Because the novel is multi-generic, combining poetry, folk literature and social and political commentaries, aspects indicative of both postmodern fragmentation and absurdist techniques, its reviewers describe the novel differently.
However, an analysis of Castillo's use of language, characterization, and plot reveals that she combines the aesthetics of the absurd with a postmodern pastiche of genres to produce the first absurdist Chicana novel.
The practice of using absurdist techniques began during the sixties, a period that Charles B.
Abandoning Aristotelian logic, absurdist novelists use what John Aldridge terms "a new set of filters" to deal effectively with the "chaotic multiplicity of meaning, mass complications and ambiguities .
She uses parody, allegory, black comedy, tragic farce, poetry and Heloise-type advice for women in order to mimic the absurdist vision.
When the narrative voice of the novel quickly establishes the conflicts and ensuing tensions with its ironic, busy-body absurdist attitude, it also becomes the vehicle that recombines values and generic codes.
In absurdist fashion, Castillo's mitotera narrates the women's stories by combining burlesque and black humor in theatrical incidents.
"The absurdist response," says Dietz, "is really a way of breaking through the numbness for these characters: They are determined to be romantics in a depressing age.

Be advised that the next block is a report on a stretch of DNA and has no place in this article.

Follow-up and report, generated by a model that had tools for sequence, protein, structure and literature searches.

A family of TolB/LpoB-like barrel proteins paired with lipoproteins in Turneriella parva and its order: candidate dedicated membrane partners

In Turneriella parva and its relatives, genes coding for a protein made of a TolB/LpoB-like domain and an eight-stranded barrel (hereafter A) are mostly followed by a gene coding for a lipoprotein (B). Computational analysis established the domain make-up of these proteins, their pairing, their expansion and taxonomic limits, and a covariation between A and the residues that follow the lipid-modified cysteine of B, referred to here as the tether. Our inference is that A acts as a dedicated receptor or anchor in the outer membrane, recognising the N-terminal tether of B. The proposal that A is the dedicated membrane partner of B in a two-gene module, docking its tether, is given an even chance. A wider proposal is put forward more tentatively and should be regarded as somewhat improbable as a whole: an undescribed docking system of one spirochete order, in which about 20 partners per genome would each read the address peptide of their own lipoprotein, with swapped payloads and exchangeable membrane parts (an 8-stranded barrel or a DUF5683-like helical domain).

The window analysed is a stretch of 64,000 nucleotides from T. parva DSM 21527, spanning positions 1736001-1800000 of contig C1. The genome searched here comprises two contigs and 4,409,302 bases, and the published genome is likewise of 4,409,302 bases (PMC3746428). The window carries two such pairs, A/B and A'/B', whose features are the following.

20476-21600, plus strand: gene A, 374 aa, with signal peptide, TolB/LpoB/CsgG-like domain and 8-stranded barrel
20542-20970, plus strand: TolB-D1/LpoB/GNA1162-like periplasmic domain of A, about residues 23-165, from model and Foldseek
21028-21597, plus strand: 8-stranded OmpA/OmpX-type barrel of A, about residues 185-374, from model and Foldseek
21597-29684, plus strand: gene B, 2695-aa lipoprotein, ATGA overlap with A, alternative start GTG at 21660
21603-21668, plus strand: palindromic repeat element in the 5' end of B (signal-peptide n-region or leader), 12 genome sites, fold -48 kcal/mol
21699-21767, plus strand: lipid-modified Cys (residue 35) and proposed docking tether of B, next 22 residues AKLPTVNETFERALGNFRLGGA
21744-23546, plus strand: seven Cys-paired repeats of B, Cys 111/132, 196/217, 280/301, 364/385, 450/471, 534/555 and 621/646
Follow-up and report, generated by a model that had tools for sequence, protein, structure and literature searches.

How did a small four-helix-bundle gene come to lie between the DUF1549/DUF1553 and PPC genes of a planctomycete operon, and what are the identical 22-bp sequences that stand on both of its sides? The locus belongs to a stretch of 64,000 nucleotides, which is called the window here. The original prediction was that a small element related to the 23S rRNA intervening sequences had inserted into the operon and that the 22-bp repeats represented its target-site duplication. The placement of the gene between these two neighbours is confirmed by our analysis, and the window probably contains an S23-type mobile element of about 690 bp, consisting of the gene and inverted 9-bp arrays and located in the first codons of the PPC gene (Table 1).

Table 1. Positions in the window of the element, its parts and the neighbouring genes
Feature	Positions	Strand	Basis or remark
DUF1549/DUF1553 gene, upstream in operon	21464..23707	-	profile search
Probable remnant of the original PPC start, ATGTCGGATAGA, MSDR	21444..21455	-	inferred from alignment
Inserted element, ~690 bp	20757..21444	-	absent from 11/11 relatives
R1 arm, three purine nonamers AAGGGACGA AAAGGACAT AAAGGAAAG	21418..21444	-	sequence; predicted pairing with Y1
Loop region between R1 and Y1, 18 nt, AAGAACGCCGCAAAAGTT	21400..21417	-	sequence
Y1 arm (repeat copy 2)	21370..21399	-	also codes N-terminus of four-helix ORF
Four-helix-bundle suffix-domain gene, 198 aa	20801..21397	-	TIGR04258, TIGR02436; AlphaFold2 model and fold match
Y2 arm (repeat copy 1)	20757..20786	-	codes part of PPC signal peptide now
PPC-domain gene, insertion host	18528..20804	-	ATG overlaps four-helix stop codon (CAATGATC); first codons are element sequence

Carl and Jody forge their way through our postmodern and plague-ridden world, experiencing by turns bouts of terror, oases of tenderness and--in Carl's words--"a tidal wave of boredom." The play's absurdist logic seems to make sense to audiences at resident theatres around the country, where it has been enthusiastically received.
Reluctant to call himself an "absurdist" (as, incidentally, were Ionesco, Beckett, Pinter, et al.), Dietz believes that Lonely Planet, "like Ionesco's plays, keeps one foot in the real world and one in the absurd." However, as in his newest play Handing Down the Names, he plans to keep "writing about tragic events from a comedic standpoint.
Nicky Silver, on the other hand, has no problem with the label "absurdist playwright"--"I prefer it to, say, 'fat playwright,'" he reasons.
In fact, homespun "family values" came under absurdist scrutiny by a number of playwrights last season.
These days, Silver is also counting the numerous stagings around the country of his plays, which boast such evocative titles as Wanking 'Tards, My Marriage to Ernest Borgnine and the oft-produced Fat Men in Skirts--"which deals with cannibalization and is even more absurdist than Pterodactyls," Silver volunteers.
IVES INSISTS THAT THE ABSURDIST influence is a matter more alphabetical than theoretical: "Ionesco' comes right before 'Ives' on the library shelf, so I would be lying if I said I was unaware of the playwright." But eventually he admits some affinity for the style, reflecting that there may be some absurd causal continuity (rather than contiguity) for its reappearance on the American stage.